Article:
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The component values in Baseball Prospectus’s Deserved Run Average calculations suggest that the bigger problem was the ballparks those two pitched in, a notion supported by the spike in Progressive Field’s park factors on Baseball-Reference and Carrasco’s extreme home/road split (5.03 ERA at home, 2.49 on the road). However, Kluber had a more expected split with an ERA more than a run lower at home, and though Progressive Field did undergo some renovations over the off-season, none of them altered the dimensions of the field.

Still, if Progressive Field was indeed more hitter-friendly in 2015, the failure of the offense outside of Brantley, Kipnis and Lindor is even more striking. Gomes, who suffered a fluke medial collateral ligament sprain in his right knee on a play at home plate in just the fifth game of the season, missed the rest of April and most of May and never got his bat going all season. First baseman Carlos Santana had his worst year at the plate, compounding his .227 batting average with a drop in power. Off-season acquisition Moss hit his share of home runs but contributed little else, his production steadily declining until the team traded him to St. Louis at the non-waiver deadline.

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Rather than build on what looked like a breakout age-25 season last year, third baseman Lonnie Chisenhall had his worst year with the bat and made what seems likely to be a permanent move to the outfield. Despite his fine play in the field, Chisenhall’s replacement, 23-year-old rookie Urshela, was even less productive at the plate. The team stuck with Jose Ramirez at shortstop too long in an effort to prevent Lindor from achieving Super Two status, and Bourn slugged just .294 before being flipped to Atlanta along with Swisher, who missed most of the season following August 2014 surgery on both knees and didn’t hit during his limited window of availability.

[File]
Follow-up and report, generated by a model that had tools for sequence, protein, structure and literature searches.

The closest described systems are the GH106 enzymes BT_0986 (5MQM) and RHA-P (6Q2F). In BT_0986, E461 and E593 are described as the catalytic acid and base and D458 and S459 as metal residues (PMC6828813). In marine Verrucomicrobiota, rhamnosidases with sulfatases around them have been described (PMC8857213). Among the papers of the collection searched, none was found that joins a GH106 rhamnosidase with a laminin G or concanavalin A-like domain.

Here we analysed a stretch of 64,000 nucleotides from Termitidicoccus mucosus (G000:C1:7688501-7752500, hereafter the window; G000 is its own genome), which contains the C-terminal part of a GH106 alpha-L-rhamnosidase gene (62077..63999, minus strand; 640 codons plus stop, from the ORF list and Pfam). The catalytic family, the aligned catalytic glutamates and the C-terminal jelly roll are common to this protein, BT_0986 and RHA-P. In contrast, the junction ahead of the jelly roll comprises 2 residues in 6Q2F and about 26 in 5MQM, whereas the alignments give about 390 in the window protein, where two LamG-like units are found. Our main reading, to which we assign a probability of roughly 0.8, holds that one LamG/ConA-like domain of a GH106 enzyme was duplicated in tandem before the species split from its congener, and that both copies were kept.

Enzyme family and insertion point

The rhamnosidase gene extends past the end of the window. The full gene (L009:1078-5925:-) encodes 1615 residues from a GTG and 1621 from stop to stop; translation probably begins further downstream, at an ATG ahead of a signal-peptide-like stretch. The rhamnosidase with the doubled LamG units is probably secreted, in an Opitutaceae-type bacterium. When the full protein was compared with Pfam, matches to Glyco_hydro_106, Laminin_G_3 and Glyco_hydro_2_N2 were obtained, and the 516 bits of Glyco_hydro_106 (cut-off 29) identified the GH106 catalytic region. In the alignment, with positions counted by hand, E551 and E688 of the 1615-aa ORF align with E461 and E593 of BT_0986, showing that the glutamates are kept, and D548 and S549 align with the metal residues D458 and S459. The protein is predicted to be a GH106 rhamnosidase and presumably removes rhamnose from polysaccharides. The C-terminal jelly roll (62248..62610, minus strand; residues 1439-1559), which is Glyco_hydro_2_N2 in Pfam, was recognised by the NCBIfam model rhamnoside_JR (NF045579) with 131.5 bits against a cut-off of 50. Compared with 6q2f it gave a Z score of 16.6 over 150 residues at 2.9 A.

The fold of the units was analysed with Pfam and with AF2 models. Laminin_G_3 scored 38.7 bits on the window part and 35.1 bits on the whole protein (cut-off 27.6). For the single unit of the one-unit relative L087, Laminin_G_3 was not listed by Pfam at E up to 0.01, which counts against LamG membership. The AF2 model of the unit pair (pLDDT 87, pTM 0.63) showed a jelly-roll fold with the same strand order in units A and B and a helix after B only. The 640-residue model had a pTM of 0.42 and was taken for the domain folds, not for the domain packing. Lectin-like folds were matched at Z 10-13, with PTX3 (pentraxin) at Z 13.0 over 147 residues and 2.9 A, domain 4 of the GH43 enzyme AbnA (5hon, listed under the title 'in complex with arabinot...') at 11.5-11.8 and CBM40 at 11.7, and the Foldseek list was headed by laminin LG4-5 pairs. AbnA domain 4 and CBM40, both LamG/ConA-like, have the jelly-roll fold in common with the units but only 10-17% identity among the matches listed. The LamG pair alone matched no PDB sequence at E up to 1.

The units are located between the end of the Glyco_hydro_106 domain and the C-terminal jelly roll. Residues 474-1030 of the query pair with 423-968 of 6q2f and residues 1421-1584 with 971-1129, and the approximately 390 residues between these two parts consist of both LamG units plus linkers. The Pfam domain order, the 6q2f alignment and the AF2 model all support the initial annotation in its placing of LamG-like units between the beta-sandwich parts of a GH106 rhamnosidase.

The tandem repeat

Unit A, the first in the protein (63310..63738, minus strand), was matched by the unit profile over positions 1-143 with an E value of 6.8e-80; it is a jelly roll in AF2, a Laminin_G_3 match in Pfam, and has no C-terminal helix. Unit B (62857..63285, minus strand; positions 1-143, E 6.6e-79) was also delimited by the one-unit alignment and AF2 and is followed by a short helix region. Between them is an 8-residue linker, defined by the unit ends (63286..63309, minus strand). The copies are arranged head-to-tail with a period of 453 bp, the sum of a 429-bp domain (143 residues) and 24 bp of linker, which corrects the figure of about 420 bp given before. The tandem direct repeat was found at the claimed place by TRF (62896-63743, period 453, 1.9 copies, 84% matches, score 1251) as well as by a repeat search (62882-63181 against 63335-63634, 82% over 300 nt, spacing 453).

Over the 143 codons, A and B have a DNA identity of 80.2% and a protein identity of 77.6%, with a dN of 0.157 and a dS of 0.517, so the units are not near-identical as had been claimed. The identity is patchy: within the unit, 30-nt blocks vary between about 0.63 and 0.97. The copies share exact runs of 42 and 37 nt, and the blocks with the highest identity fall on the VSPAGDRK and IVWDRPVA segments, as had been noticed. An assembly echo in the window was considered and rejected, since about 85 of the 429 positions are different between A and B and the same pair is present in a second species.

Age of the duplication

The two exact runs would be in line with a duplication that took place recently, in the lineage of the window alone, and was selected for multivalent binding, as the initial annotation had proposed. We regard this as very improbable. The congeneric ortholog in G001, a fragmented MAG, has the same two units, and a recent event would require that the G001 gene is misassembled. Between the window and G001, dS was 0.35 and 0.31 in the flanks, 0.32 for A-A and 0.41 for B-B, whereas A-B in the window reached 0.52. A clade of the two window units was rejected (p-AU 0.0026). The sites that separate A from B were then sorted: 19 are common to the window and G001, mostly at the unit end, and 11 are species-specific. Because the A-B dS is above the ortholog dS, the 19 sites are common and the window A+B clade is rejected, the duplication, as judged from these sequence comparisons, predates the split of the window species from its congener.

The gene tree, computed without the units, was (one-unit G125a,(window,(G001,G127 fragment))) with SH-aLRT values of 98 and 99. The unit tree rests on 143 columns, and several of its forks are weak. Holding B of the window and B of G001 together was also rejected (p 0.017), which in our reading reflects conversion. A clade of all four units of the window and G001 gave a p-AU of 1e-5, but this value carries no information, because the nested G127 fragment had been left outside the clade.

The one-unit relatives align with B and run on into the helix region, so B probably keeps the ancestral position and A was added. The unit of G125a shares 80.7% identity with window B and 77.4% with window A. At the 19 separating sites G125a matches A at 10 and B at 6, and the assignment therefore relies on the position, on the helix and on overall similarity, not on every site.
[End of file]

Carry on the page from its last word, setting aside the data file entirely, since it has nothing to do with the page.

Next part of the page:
Altogether, the Cleveland offense ranked 11th in the American League in runs scored per game despite the contributions of Brantley, Kipnis and Lindor and despite playing in a ballpark that appears to have been more friendly to hitters than ever before. That, more than anything else, is why the Indians not only failed to deliver on the many pie-in-the-sky predictions foisted upon them before the season, but also performed worse in 2015 than in '14. Speaking of which, I must point out that I was never on the Cleveland bandwagon, though my AL and World Series picks don’t look that much better, in retrospect.

Overall Outlook: There’s good reason to remain optimistic about Cleveland's rotation in 2016, but the bullpen should regress, and the lineup needs reinforcements. With Lindor already up, their best position prospect on the verge of the majors is Tyler Naquin, a glove-first centerfielder. That means general manager Chris Antonetti—who will no longer be working under predecessor and team president Mark Shapiro, who is jumping to the Blue Jays—will have to look outside the organization for bats. Given Cleveland’s limited payroll and existing commitments to Santana, Kipnis, Brantley, Kluber, Carrasco, Gomes and Johnson, that’s a tall order, particularly with hitting being in shorter supply in the game right now than pitching.

From this vantage point, I find it hard to expect much more than continued mediocrity from Cleveland, which is exactly how I felt about them before the season, as well.